In the Florida 20 special election, one candidate declares opposition to Iron Dome funding

Omari Hardy previously stated his opposition to the Boycott, Divestment and Sanctions movement, but has since thrown his support behind the effort

In the crowded special House primary to succeed Rep. Alcee Hastings (D-FL), no fewer than 11 candidates are competing for the rare open seat that had long been occupied by the former dean of Florida’s congressional delegation, who died in April at 84. 

Even with just a few weeks remaining until voters cast their ballots on Nov. 2, the race remains somewhat in flux. But experts who spoke with Jewish Insider identified a group of top-tier candidates who are likely to emerge from the crowded field, including such elected officials as state Sen. Perry Thurston, state Rep. Bobby DuBose and Broward County Commissioners Dale Holness and Barbara Sharief, the latter of whom earlier this week notched an endorsement from Rep. Lois Frankel (D-FL).

Holness, for his part, led the pack in outside contributions last quarter, pulling in $305,000, but has been vastly outspent by healthcare executive Sheila Cherfilus-McCormick. The two-time former Hastings challenger, who has personally loaned her campaign more than $2 million, is running to the left of her opponents on domestic issues, advocating for such progressive policy proposals as the Green New Deal and Medicare for All. Whoever wins is expected to prevail in the Jan. 11 general election because the district is heavily Democratic.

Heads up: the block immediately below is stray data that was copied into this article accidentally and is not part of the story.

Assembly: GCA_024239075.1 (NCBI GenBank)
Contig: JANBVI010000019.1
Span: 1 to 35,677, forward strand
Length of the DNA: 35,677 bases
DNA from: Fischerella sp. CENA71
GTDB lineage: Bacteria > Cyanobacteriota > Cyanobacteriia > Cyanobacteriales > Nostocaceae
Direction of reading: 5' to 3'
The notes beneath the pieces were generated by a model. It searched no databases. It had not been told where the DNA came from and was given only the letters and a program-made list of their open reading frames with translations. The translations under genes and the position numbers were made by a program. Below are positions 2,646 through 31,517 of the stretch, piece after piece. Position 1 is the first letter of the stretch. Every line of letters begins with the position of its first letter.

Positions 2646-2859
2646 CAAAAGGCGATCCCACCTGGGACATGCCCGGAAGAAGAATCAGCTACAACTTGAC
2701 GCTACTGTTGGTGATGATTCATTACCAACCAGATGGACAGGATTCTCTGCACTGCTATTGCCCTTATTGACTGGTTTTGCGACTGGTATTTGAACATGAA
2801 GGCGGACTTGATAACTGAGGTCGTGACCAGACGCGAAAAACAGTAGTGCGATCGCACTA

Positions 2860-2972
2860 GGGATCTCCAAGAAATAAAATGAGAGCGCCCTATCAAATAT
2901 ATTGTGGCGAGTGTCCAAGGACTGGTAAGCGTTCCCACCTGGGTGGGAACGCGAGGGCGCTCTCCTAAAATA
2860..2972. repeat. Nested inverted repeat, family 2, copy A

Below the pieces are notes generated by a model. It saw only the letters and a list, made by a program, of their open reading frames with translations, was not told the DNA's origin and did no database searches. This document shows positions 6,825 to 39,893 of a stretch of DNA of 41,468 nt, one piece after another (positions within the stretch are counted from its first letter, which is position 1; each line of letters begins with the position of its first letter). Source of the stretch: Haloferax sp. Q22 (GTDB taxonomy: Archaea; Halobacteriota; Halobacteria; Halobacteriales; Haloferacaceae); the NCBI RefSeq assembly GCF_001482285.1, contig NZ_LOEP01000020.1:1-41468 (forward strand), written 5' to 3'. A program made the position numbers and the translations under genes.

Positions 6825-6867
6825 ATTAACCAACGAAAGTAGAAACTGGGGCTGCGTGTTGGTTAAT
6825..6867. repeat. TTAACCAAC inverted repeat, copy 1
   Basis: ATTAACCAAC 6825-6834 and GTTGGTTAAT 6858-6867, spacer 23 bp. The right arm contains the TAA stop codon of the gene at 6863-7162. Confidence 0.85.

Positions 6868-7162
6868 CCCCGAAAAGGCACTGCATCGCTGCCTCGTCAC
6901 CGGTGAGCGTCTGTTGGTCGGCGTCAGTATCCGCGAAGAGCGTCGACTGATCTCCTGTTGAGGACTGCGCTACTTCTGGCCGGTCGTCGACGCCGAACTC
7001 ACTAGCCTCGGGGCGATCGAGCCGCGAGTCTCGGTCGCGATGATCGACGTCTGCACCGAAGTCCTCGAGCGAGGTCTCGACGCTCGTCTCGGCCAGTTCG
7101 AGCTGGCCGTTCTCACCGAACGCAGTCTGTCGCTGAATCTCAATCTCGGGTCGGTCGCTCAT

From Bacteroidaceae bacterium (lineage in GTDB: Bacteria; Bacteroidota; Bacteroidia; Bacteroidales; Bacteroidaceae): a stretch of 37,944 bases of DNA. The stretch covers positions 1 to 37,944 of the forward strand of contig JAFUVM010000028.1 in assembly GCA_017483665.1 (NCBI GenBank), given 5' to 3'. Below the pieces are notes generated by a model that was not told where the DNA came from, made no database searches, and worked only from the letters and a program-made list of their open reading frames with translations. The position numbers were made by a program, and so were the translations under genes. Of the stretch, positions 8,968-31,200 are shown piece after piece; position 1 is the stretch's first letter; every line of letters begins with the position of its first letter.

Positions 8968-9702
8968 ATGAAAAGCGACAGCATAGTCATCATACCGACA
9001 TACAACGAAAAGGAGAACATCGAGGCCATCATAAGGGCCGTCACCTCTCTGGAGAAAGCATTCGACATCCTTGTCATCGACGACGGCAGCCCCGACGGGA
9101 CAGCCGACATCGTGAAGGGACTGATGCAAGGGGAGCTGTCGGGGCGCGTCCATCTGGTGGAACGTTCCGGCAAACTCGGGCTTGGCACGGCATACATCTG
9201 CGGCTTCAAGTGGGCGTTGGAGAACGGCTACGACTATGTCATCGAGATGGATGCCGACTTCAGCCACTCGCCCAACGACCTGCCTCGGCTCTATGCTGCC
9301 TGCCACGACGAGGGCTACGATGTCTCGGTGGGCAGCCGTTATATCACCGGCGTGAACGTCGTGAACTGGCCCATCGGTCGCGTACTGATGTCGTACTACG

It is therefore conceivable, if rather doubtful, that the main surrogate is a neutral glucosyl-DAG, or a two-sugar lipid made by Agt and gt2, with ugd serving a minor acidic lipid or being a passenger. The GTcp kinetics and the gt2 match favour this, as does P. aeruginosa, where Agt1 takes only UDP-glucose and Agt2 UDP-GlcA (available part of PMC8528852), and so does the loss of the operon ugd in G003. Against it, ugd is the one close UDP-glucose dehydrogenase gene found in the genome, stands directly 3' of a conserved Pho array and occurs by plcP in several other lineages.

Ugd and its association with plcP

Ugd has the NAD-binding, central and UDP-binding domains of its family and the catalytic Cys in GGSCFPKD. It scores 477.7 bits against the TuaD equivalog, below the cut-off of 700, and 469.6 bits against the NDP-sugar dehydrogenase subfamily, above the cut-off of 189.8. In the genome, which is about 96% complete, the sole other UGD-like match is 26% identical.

While the leading contenders all seem largely aligned in their support for Israel — a cause championed by Hastings during his time in Congress — one staunchly progressive wild-card candidate, first-term state Rep. Omari Hardy, is sharing more critical views of the U.S.-Israel relationship.

In an interview with JI on Monday, Hardy, 31, expressed his firm opposition to legislation that would grant $1 billion in supplemental aid for Israel’s Iron Dome missile-defense system. The bill, which is currently stalled in the Senate, was overwhelmingly approved last month by both parties following an emotionally charged House vote in which just eight Democrats and one Republican voted against the measure. 

“I would have voted no,” Hardy said bluntly. “Some folks have argued that voting against the billion dollars is taking the position that Israel doesn’t have a right to defend itself or that America should not help Israel defend itself,” he added. “I think that’s disingenuous given that we’re still providing $3.8 billion of military aid to Israel this year.”